Back in his small village, he continued to spend most of his time in complete silence. Seven years ago the famous pundit Bannanje Govindacharya was giving a talk about Vedanta in Ajja’s village, exhorting the people to “go within!” Ajja, who was listening, followed his instructions to the letter. It was then that the pundit discovered him because Ajja, upon going into a mystical trance, fell down. When the pundit went to him and asked, “What happened to you?” he replied innocently, “You told me to go inside. I went inside.” Govindacharya recognized Ajja’s experience to be in accordance with the Upanishads [the classical scriptures of Vedanta], and as a result of their meeting, which has grown to be a warm friendship, Ajja’s reputation as a living master of Advaita or nonduality has begun to spread throughout Karnataka state in southern India.

It was early evening at the conference when Ajja began to speak simply and unpretentiously about the nature of our true identity to a mostly Indian audience. His utter vulnerability was almost painful to behold, and he seemed to be uncomfortable and even slightly suffocated by the role that he had been thrust into, sitting in front of a large number of people. Speaking slowly and deliberately, his words were simple and penetrated deeply to the core of Being. He spoke of unimaginable bliss and of transcending the mind completely. He described tremendous energy moving in his spine and the great importance of one-pointed desire for moksha, or emancipation. Again and again he emphasized the absolute necessity of stilling the mind in order to experience directly that which lay beyond it. As he spoke, his authenticity was made apparent more by how he was than by what he said. This was a man who seemed to have no face, no name and most striking of all, appeared to have no mind or personality in the ordinary sense. His discomfort with the spoken word was obvious and he continually repeated that “one cannot speak about these things”—they can only be understood through direct experience. To my surprise, who Ajja was seemed not to be apparent to many people in the audience, as some aggressively demanded proof from the gentle man that he was genuine. To make matters worse, some of his ardent devotees began to declare aloud in no uncertain terms that their guru was a living example of the highest attainment described in the Upanishads. A circus-like atmosphere was soon created that spread throughout the crowd. In the midst of the chaos, Ajja chose to remain silent.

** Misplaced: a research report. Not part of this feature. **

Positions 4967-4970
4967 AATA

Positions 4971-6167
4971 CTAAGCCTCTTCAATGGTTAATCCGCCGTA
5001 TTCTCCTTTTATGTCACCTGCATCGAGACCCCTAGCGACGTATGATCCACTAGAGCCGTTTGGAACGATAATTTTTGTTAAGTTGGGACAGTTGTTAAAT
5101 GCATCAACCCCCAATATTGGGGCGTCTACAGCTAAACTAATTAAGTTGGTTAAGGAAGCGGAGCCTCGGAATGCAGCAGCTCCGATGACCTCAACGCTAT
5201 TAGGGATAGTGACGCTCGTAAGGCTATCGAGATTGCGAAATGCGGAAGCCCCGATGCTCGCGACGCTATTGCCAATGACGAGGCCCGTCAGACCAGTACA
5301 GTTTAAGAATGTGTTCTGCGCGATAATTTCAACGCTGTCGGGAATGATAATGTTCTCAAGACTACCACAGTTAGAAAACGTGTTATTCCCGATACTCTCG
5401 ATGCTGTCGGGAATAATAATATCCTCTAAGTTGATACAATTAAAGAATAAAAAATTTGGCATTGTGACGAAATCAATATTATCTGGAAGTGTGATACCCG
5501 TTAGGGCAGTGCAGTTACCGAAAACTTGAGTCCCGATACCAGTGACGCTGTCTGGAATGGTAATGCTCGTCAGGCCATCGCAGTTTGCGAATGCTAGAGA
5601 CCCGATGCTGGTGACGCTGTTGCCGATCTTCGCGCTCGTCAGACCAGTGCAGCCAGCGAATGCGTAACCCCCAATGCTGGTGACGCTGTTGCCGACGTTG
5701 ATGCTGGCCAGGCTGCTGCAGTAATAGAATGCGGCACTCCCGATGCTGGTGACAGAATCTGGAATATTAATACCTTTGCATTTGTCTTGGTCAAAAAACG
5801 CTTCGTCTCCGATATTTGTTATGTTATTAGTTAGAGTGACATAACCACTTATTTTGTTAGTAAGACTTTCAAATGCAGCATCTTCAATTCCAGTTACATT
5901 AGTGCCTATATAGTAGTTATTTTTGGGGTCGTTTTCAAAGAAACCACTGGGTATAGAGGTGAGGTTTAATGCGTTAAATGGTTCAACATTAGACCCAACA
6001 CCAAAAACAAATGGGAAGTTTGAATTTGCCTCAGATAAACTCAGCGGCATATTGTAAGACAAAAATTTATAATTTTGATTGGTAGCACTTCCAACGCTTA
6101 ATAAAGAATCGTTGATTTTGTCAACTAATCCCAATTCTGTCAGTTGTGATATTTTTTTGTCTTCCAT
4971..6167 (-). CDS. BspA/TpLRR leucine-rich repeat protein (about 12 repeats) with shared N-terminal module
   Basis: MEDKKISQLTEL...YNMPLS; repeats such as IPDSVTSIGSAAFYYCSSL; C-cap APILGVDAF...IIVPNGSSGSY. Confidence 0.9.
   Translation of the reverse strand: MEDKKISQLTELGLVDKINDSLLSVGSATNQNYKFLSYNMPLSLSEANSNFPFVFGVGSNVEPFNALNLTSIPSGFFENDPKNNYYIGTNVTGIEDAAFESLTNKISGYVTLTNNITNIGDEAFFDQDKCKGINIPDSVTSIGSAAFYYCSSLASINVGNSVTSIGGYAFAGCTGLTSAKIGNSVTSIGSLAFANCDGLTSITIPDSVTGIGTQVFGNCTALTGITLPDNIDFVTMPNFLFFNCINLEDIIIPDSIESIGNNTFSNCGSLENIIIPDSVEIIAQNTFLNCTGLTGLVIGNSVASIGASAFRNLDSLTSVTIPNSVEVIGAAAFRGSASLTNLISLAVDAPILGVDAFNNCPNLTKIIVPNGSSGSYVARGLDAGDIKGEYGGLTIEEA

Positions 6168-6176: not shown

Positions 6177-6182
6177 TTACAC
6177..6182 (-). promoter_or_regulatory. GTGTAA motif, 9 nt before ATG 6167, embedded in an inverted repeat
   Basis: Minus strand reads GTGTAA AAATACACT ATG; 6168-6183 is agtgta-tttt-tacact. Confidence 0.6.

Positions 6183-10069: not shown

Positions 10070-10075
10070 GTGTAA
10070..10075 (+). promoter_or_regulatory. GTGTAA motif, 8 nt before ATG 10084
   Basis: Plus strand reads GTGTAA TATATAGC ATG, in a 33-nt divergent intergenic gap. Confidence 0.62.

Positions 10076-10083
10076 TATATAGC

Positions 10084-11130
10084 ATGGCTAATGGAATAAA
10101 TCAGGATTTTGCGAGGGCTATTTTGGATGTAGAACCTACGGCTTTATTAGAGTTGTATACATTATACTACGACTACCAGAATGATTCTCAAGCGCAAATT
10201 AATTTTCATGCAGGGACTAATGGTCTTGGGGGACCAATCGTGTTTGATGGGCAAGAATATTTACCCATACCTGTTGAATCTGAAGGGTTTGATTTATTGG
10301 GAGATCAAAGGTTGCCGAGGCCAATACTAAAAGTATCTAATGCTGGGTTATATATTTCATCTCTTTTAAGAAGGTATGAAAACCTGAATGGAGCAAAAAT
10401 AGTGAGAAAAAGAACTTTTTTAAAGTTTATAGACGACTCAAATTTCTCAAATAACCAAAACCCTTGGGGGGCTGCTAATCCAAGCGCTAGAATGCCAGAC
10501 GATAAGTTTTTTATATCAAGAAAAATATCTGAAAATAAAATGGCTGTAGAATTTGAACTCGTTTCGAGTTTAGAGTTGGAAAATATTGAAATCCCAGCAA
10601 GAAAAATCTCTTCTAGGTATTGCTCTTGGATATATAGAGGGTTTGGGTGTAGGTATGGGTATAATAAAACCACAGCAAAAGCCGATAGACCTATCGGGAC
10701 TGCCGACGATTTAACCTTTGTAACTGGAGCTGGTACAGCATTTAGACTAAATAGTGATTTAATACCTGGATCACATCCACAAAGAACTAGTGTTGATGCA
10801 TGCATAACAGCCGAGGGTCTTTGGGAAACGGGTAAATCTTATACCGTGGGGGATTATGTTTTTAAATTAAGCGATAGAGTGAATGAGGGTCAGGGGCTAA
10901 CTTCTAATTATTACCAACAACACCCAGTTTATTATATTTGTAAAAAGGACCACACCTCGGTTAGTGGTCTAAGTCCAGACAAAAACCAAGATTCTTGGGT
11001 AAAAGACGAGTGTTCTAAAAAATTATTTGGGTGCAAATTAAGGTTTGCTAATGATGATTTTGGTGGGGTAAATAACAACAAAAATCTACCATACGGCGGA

Later in the evening I went with a few of my students to meet Ajja in his room. When we arrived, he was on the receiving end of piercing questions from the renowned physicist George Sudarshan who, in addition to having been a candidate for a Nobel Prize, has also been intimately associated with the Maharishi Mahesh Yogi and the great J. Krishnamurti. “Ajja,” the physicist asked, “When two people are standing side by side, gazing at the moon high up in the night sky, why is it that one experiences intense curiosity as to why things are the way they are, and the other has no curiosity at all?” Ajja replied in the way that he answers many questions, “You have to have the experience. Only then will you be able to understand.” The physicist would not accept Ajja’s response, claiming that anybody could say that, that Ajja was avoiding the question and that it was simply not an acceptable answer. I found myself going back and forth between two completely different impressions of what was occurring. On one hand, I was impressed with the physicist’s courageous unwillingness to accept anything less than a direct answer from an enlightened man. On the other hand, I couldn’t help but be equally impressed by Ajja’s striking equanimity. Even though Ajja appeared to be unable to respond directly to the question, I was touched simply by the deeply vulnerable nature of his being. It seemed ironic to me that while the physicist appeared unable to perceive the greatness of the man who was sitting in front of him, neither could Ajja recognize why his own response to the physicist was so unreasonable.